If you'd like to read the interview I did with this deck, just click HERE.
"Journey with the enlightened feline and welcome their unique secrets. Cats—cute, mysterious, mischievous, or aloof—seem to live in a world between worlds, a realm of magic and power. Access their unique wisdom with this beautifully illustrated deck, featuring traditional Rider-Waite imagery and Pagan symbols."
The deck follows the Rider Waite model, with 78 cards, 22 trumps, and four suits.
Strength is Trump VIII and Justice is Trump XI.
The LWB that comes with the deck is translated into English, Italian, Spanish, German, and French. As a professional proofreader, I noticed a number of errors in the introduction printed in the LWB, usually in the form of missing words or the wrong form of a word. It may be that the original was not written in English, and the translator made mistakes.
APPEARANCE, SIZE, QUALITY OF CARD STOCK
The front of each card features a subtle cream-colored border decorated with slightly darker paw prints. This allows the art to take center stage the way it should. (Can you tell I'm not a fan of ostentatious borders?)
The font used on the face of the cards is somewhat playful and, in my opinion, very cat-like with its slim, curvy letters. Each card is titled in six different languages.
The quality of the glossy card stock is very good, as I would expect from a Lo Scarabeo deck. The cards are 4-3/4" by 2-1/2", a nice size for shuffling and pulling cards into spreads.
Lola Airaghi's art beautifully and realistically captures the mystery, dignity, and amusing personality of cats. We see the cats in scenes that strongly resemble those of the Rider Waite deck (the gorgeous reddish-brown Queen of Wands cat even has a little black cat companion), yet the cats are never out of their element. They perch on tree branches, lounge in chairs, stretch out in the grass, and climb the curtains. In short, they act like cats. The World card certainly depicts a cat's World, with a prey animal in each corner (a bird for Air, a fish for Water, a mouse for Earth, and a lizard for Fire). Cat lovers will see many different breeds represented in this deck, along with stray cats of every color and stripe. The other animals on the cards are also portrayed with great skill and admirable style.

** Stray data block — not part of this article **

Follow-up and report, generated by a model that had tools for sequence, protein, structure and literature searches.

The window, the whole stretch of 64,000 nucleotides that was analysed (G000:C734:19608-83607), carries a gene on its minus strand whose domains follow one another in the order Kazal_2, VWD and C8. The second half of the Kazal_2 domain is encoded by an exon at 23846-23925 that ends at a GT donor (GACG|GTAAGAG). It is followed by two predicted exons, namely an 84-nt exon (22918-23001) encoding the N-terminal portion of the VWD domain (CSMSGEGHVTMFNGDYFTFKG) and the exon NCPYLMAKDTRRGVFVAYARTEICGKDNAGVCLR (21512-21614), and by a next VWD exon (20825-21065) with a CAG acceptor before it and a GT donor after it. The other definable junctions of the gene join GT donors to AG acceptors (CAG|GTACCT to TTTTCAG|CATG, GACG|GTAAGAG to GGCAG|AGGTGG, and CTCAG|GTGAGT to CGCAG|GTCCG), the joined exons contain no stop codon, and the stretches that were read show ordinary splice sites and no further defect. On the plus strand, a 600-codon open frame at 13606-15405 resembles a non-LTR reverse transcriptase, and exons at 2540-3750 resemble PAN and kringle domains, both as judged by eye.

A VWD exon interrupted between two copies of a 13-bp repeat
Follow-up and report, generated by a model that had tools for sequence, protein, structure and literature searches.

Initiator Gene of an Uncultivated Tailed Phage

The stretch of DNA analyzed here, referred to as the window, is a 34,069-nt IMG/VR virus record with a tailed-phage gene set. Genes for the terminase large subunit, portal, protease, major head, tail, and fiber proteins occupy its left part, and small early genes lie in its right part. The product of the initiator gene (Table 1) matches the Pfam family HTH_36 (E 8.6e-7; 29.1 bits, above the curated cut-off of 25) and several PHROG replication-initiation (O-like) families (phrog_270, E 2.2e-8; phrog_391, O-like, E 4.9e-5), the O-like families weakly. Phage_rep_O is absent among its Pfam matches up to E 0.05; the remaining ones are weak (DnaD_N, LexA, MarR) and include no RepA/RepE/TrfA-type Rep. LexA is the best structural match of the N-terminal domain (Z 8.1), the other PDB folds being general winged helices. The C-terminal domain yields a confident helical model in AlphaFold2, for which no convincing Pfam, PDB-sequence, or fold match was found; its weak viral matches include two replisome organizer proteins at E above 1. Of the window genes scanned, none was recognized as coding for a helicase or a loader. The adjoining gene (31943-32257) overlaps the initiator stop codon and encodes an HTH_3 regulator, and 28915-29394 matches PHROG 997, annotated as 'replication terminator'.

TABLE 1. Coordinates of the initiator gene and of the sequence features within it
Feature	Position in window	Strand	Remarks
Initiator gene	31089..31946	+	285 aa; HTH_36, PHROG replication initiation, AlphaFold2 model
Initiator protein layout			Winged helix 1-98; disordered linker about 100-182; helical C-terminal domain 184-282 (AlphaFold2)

The Christian symbolism so prevalent in the Rider Waite deck is not used in the Tarot of Pagan Cats. Instead, we find various pagan-related symbols such as cauldrons, grimoires, and magic circles. The stained glass window on the 5 of Pentacles features a cauldron plus images of a Wand, Sword, Chalice, and Pentacle.
I am no expert on pagan symbolism, so I'm sure that those who are more informed than I am will see even more references to paganism in the cards.
I especially love the 10 of Chalices, which shows a white cat and a black cat intertwined in a manner that reminds me of the Yin-Yang symbol. Two black-and-white kittens play next to them. The Knight of Swords rides upon a huge snowy owl who grips a sword in its talons. A delightful picture of cats and kittens on a picnic graces the 4 of Wands. A cat sits across from a howling dog on The Moon, one paw raised and the other paw on the crayfish as it emerges from the water. I don't know whether it's deliberate, but the cat looks like it is preparing to testify in court, swearing on a crayfish instead of a Bible. On Strength, a white cat draped in a red and green garland places her paw on the head of a small dog.
It helps if you love cats like I do. But even if you're not wild about cats, the Tarot of Pagan Cats may awaken something wild and feline within you. The deck works better as Tarot than some of the other cat-themed decks I have seen, and I'm looking forward to reading with it.
Tarot of Pagan Cats by Magdelina Messina
Artwork by Lola Airaghi
Published by Lo Scarabeo, 2010